“That which is measured improves.” – Karl Pearson
What’s more important, open rate vs CTR vs CTOR? How do you know if your percentages are good? And what on earth is CTOR?
We will answer all these questions and tell you all about the difference between open rates vs CTR vs CTOR. We’ll help you move beyond the numbers and figure out exactly what’s working – and what’s not – in your email marketing campaign.
In this article, we’ll help you learn about open rates vs CTR vs CTOR:
- Open Rates, CTRs and CTORs
- How to calculate these (and why your method really matters!)
- What counts as a ‘good’ rate
- How to use these numbers to hone your email marketing campaign
Open Rate vs CTR vs CTOR: What’s The Difference?
Before we get into how to use these figures, let’s quickly clarify what they all mean.
- Open Rate is the percentage of people who opened your email in the first place.
- Click-Through Rate (CTR) is the percentage of people who clicked a link in your email.
- Click-to-Open Rate (CTOR) also measures how many people clicked on a link; however, it only takes into account people who got as far as opening your email. It doesn’t include everyone on your email list or all the emails that were delivered.
It’s really important that you understand exactly how you’re getting to these numbers because the way you calculate these rates will tell you something very different about the effectiveness of your email campaign – as we’ll explain in a moment.
What Do These Numbers Tell You?
Let’s start with open rates. This is pretty straightforward: you divide the number of people who opened your email by either the total number of emails you sent out or the number of emails that were delivered. You can see already, though, that each choice tells you something slightly different.
Dividing by the total number of emails sent (including bounced emails) gives you an idea of how healthy your list is overall and whether it needs a good spring clean, whereas dividing by delivered emails means you’re focussing more on whether or not your subject line/segmentation is successful.
Things get a bit more complicated when you start looking at CTR. Again, this can be calculated in a bunch of different ways. For starters, you have to decide to divide total clicks by the total number of emails sent or by the total number of emails delivered.
You also need to choose between measuring Individual CTR and Holistic CTR. Individual CTR measures how many people clicked through, whereas holistic CTR tells you how many clicks took place.
For example, let’s say you send an email to 100 people, 10 people click through, but all of those 10 people click two links each (20 clicks in total). Your Individual CTR would be 10% because 10% of people clicked through. Your Holistic CTR would be 20%, because that 10% doubled their value by clicking two links.
Again, when you come to analyze how well your campaign is working, both of these numbers are useful in different ways. In the example above, you might conclude that when you send the right content to the right people; they love it – but you need to be more discerning about who you email with this content in the first place.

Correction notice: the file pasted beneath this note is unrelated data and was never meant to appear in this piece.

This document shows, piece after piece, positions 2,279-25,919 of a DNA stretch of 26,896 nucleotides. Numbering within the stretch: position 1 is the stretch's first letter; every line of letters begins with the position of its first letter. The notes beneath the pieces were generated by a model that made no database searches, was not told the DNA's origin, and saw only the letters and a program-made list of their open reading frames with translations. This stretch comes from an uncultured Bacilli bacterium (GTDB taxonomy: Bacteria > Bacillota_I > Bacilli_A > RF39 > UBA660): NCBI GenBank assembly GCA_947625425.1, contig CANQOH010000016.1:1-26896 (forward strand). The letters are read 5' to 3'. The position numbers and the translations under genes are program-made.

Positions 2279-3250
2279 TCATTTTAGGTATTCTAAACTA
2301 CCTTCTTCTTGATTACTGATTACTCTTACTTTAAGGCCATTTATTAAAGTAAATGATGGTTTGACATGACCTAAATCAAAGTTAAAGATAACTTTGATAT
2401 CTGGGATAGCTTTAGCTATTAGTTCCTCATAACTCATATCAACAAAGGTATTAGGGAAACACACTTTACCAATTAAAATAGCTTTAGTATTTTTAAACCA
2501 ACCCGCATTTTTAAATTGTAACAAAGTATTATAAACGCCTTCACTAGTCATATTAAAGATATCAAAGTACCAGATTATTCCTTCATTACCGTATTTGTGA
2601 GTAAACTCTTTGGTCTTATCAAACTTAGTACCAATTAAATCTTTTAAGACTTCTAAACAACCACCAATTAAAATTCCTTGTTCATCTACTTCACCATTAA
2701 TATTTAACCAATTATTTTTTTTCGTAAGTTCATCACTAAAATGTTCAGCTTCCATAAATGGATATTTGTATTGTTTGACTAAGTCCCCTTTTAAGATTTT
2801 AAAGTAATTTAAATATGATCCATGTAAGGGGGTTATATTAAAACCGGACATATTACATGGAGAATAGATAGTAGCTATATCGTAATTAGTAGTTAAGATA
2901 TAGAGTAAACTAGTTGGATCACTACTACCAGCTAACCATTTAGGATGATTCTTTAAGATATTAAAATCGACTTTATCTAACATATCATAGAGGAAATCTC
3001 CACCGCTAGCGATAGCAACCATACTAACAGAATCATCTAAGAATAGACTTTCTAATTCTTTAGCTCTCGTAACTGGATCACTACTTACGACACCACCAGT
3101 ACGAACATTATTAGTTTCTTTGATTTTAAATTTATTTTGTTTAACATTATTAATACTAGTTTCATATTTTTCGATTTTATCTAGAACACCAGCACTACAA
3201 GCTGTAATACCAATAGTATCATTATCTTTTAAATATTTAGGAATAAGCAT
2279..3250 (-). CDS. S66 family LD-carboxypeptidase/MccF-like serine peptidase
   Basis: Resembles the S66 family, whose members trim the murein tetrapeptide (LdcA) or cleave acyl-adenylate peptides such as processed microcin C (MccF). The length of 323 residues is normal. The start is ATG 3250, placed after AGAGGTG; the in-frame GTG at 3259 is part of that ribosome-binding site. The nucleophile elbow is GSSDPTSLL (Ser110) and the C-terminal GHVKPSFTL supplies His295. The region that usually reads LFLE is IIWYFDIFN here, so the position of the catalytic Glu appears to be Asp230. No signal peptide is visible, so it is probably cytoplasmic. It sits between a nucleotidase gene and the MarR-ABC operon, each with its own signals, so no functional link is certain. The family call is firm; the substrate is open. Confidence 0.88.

Then, you need to make a decision about whether to look at CTR vs CTOR. As we’ve seen, the former measures how many people in total clicked through, from the whole campaign.
So, if you send out 100 emails, 20 people open them, and ultimately you get 5 clicks, that’s a CTR of 5%. CTOR, on the other hand, only takes into account the number of people that opened the email; so in this case, your CTOR would be 25%, because a quarter of people who actually opened the email then clicked through.
Again, these help you to diagnose different problems at different points along the chain. A low CTR but a high CTOR could mean your emails are well crafted but you’re wasting a lot of effort sending emails to people who don’t want them. A low CTOR, on the other hand, suggests that your emails are falling flat once people open them.
What’s a Good Open Rate / CTR / CTOR?
Ooh, that’s a big question. Across the board, open rates for email marketing campaigns hover around 25%, and average CTRs are around 4%. For special interest groups, hobbies and so on, you probably want to aim a bit higher. A good CTOR is around 20-30%.
How to Use These Numbers
As we’ve seen, your open rate, CTR and CTOR (and your method of calculating these) each tell you different things. By comparing these numbers, you start to build up a complete story of how your email campaign performs at every stage.
In order to keep growing and improving, It’s incredibly important to get complete and accurate numbers for every step.
Make sure you’re using an email marketing platform that collates this information about open rates vs CTR vs CTOR for you and presents it in a way that’s clear and easy to understand. That way, you can forget about the math and focus on honing your strategy.